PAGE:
Take the 2-minute tour ×
Stack Overflow is a question and answer site for professional and enthusiast programmers. It's 100% free.

My understanding (which may well be faulty) is that it is easy to set the OriginalFilename property for a C++ DLL or EXE by including a VERSIONINFO resource file in the Visual Studio build.

But I can't find any way of setting OriginalFilename for a C# build. It is apparently always set to the name of the output file being built.

I'd really like to be able to specify this if possible. Any ideas? Thanks.

share|improve this question

2 Answers 2

Sadly, no.

You can read what it is with System.Diagnostics.FileVersionInfo.OriginalFilename, but the value is filled by the Project / Output Filename not from any Assembly Attribute.

Running your patch program to change it after a build runs the risk of breaking any digital signature applied during the build. You may need to build without signing, patch the attributes, then sign it in a separate step.

share|improve this answer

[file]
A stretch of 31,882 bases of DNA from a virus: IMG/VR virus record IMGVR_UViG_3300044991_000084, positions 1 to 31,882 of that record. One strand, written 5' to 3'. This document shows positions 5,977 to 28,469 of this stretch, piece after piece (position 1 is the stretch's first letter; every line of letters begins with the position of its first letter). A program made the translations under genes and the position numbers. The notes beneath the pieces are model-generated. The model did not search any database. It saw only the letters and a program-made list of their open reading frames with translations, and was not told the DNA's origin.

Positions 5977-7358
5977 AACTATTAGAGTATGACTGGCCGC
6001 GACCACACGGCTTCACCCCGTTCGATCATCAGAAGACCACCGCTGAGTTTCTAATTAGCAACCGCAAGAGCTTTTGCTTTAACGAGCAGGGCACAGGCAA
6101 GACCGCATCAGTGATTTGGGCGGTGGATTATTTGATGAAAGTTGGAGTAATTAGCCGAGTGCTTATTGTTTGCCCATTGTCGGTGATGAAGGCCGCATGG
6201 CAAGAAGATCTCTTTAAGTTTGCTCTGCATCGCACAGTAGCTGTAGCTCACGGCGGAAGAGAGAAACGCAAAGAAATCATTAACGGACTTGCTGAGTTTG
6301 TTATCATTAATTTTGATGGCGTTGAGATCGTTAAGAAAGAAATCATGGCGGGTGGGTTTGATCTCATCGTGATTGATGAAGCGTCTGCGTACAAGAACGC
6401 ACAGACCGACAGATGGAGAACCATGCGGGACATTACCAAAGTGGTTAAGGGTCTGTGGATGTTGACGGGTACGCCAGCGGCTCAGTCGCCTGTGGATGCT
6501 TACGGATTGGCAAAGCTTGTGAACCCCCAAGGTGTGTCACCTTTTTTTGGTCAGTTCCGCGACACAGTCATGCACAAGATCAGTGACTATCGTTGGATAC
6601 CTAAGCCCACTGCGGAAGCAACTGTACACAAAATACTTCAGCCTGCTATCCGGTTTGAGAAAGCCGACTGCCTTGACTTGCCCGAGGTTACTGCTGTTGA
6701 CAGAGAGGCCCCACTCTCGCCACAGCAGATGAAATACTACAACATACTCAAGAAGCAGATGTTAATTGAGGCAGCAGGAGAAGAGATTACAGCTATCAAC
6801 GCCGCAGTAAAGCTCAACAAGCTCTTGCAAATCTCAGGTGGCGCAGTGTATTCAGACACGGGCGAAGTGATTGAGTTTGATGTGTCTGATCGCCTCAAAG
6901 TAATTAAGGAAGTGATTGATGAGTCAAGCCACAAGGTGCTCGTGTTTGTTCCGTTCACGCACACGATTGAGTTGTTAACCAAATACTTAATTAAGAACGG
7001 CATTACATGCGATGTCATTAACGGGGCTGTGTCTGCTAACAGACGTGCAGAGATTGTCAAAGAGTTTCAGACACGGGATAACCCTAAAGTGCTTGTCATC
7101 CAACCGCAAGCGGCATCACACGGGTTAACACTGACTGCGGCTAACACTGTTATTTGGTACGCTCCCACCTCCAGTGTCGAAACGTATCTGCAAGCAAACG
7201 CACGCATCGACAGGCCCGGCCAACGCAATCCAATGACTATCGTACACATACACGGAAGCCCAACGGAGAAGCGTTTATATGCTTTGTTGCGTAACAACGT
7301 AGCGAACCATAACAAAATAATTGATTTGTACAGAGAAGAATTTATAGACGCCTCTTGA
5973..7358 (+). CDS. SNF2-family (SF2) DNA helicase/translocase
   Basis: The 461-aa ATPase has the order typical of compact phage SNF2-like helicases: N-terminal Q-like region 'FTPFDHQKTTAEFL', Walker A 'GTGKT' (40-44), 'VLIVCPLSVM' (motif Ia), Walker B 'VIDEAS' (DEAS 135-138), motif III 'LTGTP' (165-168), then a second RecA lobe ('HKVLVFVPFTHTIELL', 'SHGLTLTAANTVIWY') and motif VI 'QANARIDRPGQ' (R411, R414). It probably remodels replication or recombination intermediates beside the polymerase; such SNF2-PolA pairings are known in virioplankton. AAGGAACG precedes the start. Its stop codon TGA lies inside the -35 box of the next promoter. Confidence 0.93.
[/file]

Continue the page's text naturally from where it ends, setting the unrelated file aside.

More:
"You may need to build without signing, patch the attributes, then sign it in a separate step." Yes, I apply the company's code signing certificate in a later step. –  RenniePet Feb 2 at 3:43

OK, no answers, and now I've found a workaround.

This article here at StackOverflow was very helpful: How do I set the version information for an existing .exe, .dll?

Which led me to this resource manipulation project written in C#: http://resourcelib.codeplex.com/

So what I'm going to do is to modify the DLLs after they've been built.

Edit (March 2015): This is an old posting, but I can see there is still some interest in it. The "ResourceLib C# File Resource Management Library" open source project has moved since four years ago, and is now here: https://github.com/dblock/resourcelib

share|improve this answer
    
Have you been able to modify the FileInformations using resourceLib? –  Jibin Mathew Mar 4 at 10:48
    
@JMat: Yes, this is still working for me. Although I should perhaps mention that I'm still targetting .Net Framework 3.5. Maybe if/when I update to later versions the .dll files will be sufficiently different that it won't work - I don't know. –  RenniePet Mar 4 at 12:24

Your Answer

 
discard

By posting your answer, you agree to the privacy policy and terms of service.

Not the answer you're looking for? Browse other questions tagged or ask your own question.